1. “There aren’t a lot of people who look like me.” When I entered the room, one thing became immediately apparent – there weren’t many people who looked like me. As I scanned the room, I quickly noticed that it was dominated by white men. As an African-American female I stood out like the lone chocolate chip in sea of vanilla. The demographics weren’t exactly shocking to me, but I’d be lying if I said I didn’t feel out of place initially. About 5 minutes later a couple women walked in the meeting. Soon thereafter, the room became a bit more diverse and I became a lot more comfortable.

2. “Wow. There is a lot I don’t know.” The meeting started with an introduction and quickly transitioned into a deep-dive on how to flip houses in a cost-effective manner. I found the material interesting, but several of the details were a little above my head. Although I knew some of the basics, many of the terms have subtle differences which can be a bit tough to keep straight for anyone who isn’t as familiar with the vocabulary. Understanding the difference between an Internal Rate of Rate and the Cash-on-Cash return, definitely caused me a bit of confusion. At first, I was alarmed, but as I continued to sit there and listen to the speaker, things started making a little more sense. I didn’t grasp everything, but I understood a good portion of it and certainly gained more knowledge than I had before I walked into the meeting.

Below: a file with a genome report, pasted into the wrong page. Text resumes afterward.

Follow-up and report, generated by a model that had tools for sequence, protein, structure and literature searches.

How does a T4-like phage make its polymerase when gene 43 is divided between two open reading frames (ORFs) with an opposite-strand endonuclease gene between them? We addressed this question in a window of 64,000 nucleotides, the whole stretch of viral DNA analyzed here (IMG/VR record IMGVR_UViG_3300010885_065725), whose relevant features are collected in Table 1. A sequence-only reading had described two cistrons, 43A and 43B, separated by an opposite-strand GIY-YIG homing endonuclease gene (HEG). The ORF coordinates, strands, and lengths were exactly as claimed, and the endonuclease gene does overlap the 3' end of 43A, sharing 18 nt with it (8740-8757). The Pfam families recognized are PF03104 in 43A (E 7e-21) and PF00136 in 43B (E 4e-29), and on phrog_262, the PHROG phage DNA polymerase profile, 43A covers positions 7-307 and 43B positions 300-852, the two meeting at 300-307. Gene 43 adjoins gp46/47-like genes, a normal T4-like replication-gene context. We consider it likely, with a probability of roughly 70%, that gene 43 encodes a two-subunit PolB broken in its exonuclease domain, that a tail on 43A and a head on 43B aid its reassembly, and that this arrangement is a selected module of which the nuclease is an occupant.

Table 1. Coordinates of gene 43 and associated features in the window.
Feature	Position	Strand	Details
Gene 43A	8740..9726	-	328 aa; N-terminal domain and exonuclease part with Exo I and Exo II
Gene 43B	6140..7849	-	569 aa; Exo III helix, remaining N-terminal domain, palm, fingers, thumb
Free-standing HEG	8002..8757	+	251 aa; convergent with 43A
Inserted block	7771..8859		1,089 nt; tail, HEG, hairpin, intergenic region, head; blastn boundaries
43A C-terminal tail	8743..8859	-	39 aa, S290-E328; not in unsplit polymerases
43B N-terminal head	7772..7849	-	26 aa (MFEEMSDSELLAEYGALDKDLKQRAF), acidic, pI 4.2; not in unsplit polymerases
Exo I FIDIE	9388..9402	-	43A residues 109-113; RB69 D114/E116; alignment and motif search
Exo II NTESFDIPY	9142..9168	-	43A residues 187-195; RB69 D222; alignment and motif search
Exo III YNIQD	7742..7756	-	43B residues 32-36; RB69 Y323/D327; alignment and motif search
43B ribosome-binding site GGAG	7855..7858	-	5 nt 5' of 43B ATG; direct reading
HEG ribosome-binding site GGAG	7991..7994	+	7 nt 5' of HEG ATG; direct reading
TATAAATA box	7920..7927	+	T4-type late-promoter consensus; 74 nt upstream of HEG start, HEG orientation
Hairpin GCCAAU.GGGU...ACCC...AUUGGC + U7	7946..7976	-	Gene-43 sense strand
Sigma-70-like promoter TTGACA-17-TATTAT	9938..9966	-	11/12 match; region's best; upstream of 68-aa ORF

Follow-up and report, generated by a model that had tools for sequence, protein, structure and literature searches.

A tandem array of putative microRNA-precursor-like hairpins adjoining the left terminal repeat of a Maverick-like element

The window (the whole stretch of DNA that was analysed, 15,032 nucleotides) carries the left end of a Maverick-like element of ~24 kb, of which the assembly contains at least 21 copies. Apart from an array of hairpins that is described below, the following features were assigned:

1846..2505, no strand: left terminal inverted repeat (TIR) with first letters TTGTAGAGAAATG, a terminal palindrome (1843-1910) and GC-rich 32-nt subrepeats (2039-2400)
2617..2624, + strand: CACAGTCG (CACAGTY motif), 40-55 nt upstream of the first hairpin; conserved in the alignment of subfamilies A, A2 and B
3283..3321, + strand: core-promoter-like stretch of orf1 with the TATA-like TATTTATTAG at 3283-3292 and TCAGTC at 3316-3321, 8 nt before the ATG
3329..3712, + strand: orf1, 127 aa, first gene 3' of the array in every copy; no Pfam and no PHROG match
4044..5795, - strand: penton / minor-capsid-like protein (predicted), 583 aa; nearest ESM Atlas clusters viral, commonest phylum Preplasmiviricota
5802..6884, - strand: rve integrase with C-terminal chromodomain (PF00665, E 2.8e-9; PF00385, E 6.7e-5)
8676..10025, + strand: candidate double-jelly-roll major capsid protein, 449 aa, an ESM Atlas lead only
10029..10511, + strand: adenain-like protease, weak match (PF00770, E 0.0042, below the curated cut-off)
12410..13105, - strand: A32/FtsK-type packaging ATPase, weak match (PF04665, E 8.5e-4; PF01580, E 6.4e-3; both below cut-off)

3. “The people here are really smart.” For the second part of the meeting we split into smaller groups of about 10 people. We then introduced ourselves and spoke about our previous real estate experience and our current real estate goals. It was during this session that I was literally blown away. As people introduced themselves, it became obvious that the majority of these people had years and even decades of real estate investing experience. Some of them mentioned previous deals and spoke about things they did to save money on costs and increase profits. I was amazed.  

4. “I’m making a lot of connections.” When it came time for me to introduce myself, I decided to take a leap of faith and be honest. Despite the myriad of investing experience that surrounded me in this group, I opened my mouth and admitted that I hadn’t actually started investing in real estate yet. I mentioned that I was, at that time, still a medical student who had a desire to use multifamily real estate investing to achieve my goal of financial independence. Much to my surprise, they didn’t judge me or give me condescending looks of disapproval. Instead, they all applauded my honesty and were extremely encouraging. Several of the investors told me stories about how they found their first deals, different ideas for how to find capital (aka using other people’s money to fund your deals) and a few even offered to walk me though the process. Going to this meeting helped me make several different connections that proved to be extremely valuable.